First time isn’t always a charm, but failures often bring blessings in their wake.
For instance, the first time we offered a training in Colorado, low enrollment forced us to cancel. But one who had registered offered to help us try again. An occupational therapist (OT) in the Littleton Public Schools, Ilga Paul helped make our second try into a big success.
What’s more, she’s since become a Certified Yoga Calm Instructor and trainer, and she’ll be teaching our next two Denver workshops: Integrated Approach to Wellness 1 with Kim Oliva, September 17 – 18; and Integrated Approach to Wellness 2 – Physical Connections to Learning with Jim Gillen, September 24 – 25.
Ilga first began sharing yoga with students several years ago, after learning that her OT intern also practiced. “We were working with a group of 2nd graders who all needed help with developing fine motor skills,” she says, “especially as it related to legible handwriting. The students also had very poor muscle tone, decreased core muscle strength and difficulty paying attention. We worked with them outside of the general education classroom, starting our sessions with poses such as Tree, Downward Dog and Cat/Cow. The students loved it!”
After she began working at a school where special education services were provided within the general education classroom, Ilga’s use of yoga expanded. There, she says, “I had a Kindergartener on my caseload and was asked by his teacher to collaborate on a 30 minute weekly session with the whole class. One thing led to another, and soon I was visiting many classes, teaching poses and breath work to support their academic effort, concentration and ownership of their learning.”
As soon as she began learning Yoga Calm’s principles and activities, Ilga put her new knowledge to work. At the time, she says,
my caseload was such that I served students at five schools (Pre – 5) and supervised three OT Assistants. At the same time, word spread of my 10 – 15 minute yoga sessions. At one point, I was going into 19 classrooms a week!
I saw amazing benefits from even this little bit of time and came to realize that Yoga Calm was the most meaningful and results-producing approach I had used in my 35+ years as an OT. Becoming a Certified Instructor seemed like the natural extension of what I had been doing, and now it’s opened the door to a new career! Some things are just meant to happen.
Using Yoga Calm in the classroom is a wonderful way to provide Response to Intervention support, particularly for students who struggle with attention or are highly restless or anxious. Kids love these short “yoga breaks” and get excited when I arrive. I stand quietly at their classroom door and watch the transition process, as that tells me how to structure the session.
One day, I silently walked into a 3rd grade classroom while the teacher instructed the kids to put away their math activities. When the students saw me, without any further instruction, they put away their things, pushed in their chairs, found their personal space and were ready for yoga. It’s so wonderful – and fun and exciting! – to see students go from being silly, distracted and restless to focused, able to complete activities with attention and intention. When a whole class is calm and focused during an activity such as Roots, the energy feels almost magical!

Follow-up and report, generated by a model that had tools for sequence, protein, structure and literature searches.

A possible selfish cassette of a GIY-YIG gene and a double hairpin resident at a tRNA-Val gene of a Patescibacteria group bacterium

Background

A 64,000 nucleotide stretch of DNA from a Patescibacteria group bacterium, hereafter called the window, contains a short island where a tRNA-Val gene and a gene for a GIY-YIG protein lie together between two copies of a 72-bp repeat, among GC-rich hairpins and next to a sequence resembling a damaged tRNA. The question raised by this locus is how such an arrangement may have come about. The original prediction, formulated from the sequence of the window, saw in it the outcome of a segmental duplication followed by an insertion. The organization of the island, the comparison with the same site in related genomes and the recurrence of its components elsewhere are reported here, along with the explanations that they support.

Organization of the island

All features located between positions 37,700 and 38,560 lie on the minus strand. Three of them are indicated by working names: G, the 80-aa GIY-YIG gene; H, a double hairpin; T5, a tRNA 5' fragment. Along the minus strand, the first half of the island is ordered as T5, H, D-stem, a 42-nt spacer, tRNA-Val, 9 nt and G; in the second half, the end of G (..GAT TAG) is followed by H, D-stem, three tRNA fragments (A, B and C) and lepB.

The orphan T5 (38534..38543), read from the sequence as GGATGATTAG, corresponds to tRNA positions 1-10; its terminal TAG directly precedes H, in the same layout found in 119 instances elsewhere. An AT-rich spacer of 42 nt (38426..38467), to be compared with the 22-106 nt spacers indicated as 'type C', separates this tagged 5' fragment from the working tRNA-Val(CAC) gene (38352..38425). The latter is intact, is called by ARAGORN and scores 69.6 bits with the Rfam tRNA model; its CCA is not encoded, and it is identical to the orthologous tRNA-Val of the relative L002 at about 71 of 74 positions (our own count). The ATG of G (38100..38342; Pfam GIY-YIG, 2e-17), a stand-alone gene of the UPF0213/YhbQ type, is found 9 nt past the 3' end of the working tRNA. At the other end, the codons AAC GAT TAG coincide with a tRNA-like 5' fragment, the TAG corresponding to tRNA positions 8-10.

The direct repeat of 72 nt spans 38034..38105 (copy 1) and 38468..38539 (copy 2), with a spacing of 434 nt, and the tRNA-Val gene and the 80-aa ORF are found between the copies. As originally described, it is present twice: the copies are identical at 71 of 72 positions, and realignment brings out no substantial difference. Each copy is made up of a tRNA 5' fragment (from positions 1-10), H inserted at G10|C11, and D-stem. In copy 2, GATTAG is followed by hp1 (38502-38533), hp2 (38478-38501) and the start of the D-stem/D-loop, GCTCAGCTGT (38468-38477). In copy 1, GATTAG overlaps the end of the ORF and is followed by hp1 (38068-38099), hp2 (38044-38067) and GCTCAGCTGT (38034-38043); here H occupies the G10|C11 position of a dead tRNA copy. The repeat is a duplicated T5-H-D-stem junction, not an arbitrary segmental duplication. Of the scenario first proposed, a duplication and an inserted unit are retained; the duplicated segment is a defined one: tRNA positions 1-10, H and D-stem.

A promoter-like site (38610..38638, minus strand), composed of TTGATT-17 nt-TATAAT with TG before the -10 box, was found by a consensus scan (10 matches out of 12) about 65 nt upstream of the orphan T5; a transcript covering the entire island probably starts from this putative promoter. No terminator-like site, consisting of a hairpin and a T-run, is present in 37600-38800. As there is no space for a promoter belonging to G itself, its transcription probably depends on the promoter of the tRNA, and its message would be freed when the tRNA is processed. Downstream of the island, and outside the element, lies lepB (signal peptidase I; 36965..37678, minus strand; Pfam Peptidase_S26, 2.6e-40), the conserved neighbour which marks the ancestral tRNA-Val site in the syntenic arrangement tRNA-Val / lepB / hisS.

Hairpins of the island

I regularly see students use yoga on their own to help them self-regulate. I have seen 3rd graders with significant anger issues use Belly Breathing to de-escalate. I have seen others use poses such as Chair Twist and seated Forward Bend during standardized testing to help them attend to their task.
The power of Yoga Calm, I believe, comes from students becoming aware of the messages their body is giving them, knowing what to do with those messages and implementing strategies to maximize academic achievement. I find it extremely well-suited to help manage anxiety and distraction. The physical yoga is a wonderful way to work on things like posture, core muscle strength and awareness of the body in space. Students on the Autism Spectrum definitely benefit from the activities, yet even those with more profound needs may benefit in a small group outside of the general education classroom.
In practice, I use a problem-solving approach in which students participate in developing strategies and are responsible for trying them out between sessions. They then report the strategies’ success or failure, and we determine the next steps. The sense of empowerment-in-action is amazing!
And all students can become so empowered, not just those designated with special needs, even though the special needs student was why I went into the classroom in the first place.
I believe that students with almost any dis/ability can benefit from Yoga Calm, in part due to its sheer adaptability to student and class needs. If needed, sessions can be shortened: Better a successful 15 minute session than a disjointed 30 minutes. If you have a group with mixed physical abilities, chairs or bolsters can be used to provide extra balance support. Completing yoga poses with Deaf and hard of hearing populations is a great way to improve vestibular functioning. (Having Deaf students lead poses also gives them an opportunity to practice oral skills.) With blind students, I stand nearby and mindfully use clear, specific and descriptive words in my directions. Often, a sighted student can be paired with a blind student, so they can help position them.
I love watching students change over the course of the school year, and it is so exciting when they independently use strategies that I have taught! I also love watching the teachers. Their class interactions evolve, and they, too, receive the benefits of yoga. Every day, I see the seed Yoga Calm spread and grow. It’s exciting to be able share strategies that really work!